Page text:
Chinese buyers are already doing so. A key development in global crude oil markets during the last five years has been the emergence of China as the star customer for Iraqi crude oil. Chinese oil traders and refiners have been purchasing cargoes of Iraqi crude at a steadily rising rate, and in 2012 Chinese purchased nearly one-quarter of Iraq’s oil exports. The volumes of Iraqi oil China imports is already in the ballpark of its former import levels from Iran, and are likely to rise to as much as 2 million bpd by 2020 if production keeps rising.
China has powerful incentives to seek steady longer-term supplies of Iraqi oil. Iraq now appears to be the only large-scale source of net new oil production growth outside of North America. As an oil consumer with stagnant domestic production and rising import needs, China is therefore deeply interested in securing new Iraqi barrels as they come onto the market.
The rising appetite among Chinese refiners for Iraqi crude oil raises the possibility that Iraq’s state oil company could follow the example of Saudi Aramco and Kuwait Petroleum Corporation and invest in constructing refineries in China that help ensure downstream markets for Iraqi oil as output increases in coming years. To boot, as China’s reliance on Iraqi crude oil increases and the U.S. considers taking a less active role in the Gulf region, Beijing will face increasing pressure to become involved in the area’s treacherous political and security situation.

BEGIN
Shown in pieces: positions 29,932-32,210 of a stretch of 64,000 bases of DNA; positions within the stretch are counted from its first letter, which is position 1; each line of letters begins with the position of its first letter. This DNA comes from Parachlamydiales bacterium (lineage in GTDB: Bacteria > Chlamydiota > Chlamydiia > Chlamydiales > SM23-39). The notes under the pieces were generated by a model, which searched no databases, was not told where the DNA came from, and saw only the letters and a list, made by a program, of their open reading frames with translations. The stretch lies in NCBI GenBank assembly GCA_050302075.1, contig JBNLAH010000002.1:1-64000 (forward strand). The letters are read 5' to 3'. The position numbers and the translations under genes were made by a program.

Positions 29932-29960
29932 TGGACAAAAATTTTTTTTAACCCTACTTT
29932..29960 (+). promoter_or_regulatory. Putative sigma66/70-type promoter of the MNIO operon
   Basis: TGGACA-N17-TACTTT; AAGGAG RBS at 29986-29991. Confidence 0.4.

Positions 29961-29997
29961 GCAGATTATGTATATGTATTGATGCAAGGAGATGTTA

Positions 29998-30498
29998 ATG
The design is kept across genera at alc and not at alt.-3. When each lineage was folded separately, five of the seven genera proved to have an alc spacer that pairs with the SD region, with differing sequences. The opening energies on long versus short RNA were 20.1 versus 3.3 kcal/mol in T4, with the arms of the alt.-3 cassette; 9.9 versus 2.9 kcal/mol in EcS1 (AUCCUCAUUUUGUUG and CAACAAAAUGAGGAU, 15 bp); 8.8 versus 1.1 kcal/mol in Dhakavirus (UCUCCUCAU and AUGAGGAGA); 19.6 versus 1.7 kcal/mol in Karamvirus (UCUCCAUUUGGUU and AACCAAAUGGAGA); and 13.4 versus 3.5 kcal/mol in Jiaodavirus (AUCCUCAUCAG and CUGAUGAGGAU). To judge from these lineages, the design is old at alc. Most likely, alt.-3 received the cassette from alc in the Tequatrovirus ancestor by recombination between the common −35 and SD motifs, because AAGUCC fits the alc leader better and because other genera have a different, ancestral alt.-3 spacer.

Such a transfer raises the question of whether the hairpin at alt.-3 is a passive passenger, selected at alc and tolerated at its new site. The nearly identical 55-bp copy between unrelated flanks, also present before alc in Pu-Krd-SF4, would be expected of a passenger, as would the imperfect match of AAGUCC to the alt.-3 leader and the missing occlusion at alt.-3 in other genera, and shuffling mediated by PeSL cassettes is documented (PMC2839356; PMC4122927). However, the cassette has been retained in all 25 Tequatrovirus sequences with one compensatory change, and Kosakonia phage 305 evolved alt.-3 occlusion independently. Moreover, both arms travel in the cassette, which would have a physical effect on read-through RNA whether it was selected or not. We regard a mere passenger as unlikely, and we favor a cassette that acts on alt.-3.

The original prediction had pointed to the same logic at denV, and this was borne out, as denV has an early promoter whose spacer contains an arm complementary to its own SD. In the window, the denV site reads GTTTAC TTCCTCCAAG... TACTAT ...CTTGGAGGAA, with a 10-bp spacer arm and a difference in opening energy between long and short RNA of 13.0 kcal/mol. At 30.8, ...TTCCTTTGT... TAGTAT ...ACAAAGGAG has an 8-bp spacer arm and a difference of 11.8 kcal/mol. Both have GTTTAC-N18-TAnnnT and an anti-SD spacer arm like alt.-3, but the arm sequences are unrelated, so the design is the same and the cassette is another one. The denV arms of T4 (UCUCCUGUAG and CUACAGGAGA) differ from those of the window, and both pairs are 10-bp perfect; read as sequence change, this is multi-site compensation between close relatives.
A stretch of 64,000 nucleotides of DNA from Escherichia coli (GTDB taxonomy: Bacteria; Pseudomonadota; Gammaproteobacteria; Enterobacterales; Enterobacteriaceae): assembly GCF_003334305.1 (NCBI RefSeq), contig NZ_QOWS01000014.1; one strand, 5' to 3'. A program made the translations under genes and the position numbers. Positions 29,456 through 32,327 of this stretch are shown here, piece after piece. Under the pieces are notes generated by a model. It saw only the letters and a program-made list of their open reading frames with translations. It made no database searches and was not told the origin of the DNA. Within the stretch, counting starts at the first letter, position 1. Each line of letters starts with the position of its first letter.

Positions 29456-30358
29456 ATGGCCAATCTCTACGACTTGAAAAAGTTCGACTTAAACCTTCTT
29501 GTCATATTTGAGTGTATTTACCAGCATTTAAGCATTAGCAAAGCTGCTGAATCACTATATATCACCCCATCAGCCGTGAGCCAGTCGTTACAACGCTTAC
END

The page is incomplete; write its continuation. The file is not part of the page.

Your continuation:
Iraq’s growing oil output now forms part of an oil supply anvil upon which the U.S. can, through economic means, smash Iran’s financial capacity to simultaneously pursue nuclear weapons, sponsor terrorist proxies such as Hamas and Hezbollah, and maintain military forces capable of credibly threatening its neighbors. Squeezing Iranian crude out of global markets by encouraging buyers such as China to favor Iraqi oil can undercut the mullahs’ position, increase the opportunities for internal change, and reduce the probability that military action will be needed against Iran. Iran will likely attempt to foment sectarian violence in Iraq, but so long as the oilfields and export infrastructure can be secured, production can continue expanding. To avoid armed conflict over Iran’s nuclear weapons program, now is the time to exploit the window of leverage conferred by rising Iraqi output
China Oil Trader™ strives to provide a holistic, globally-oriented analysis of oil and gas issues in China and those which intimately affect Chinese economic and security interests. In doing so, we often view multiple classes of commodities simultaneously and assess how they interact with each other. Our ultimate goal is to provide a focused source of fresh, creative, and anticipatory research for policymakers, investors, and others interested in China’s development as an energy and commodity superpower.
China Oil Trader™ founder Gabe Collins grew up in the Permian Basin and has experience dealing with energy issues for both the U.S. government and as a private sector commodity analyst. He speaks and reads Mandarin, Russian, and Spanish. Gabe has published numerous oil and gas analyses in outlets including Oil & Gas Journal, The Naval War College Review, Orbis, Geopolitics of Energy, Hart’s Oil and Gas Investor, The National Interest, and The Wall Street Journal China Real Time Report. Gabe also co-founded the www.chinasignpost.com analytical portal. He can be reached at email@example.com.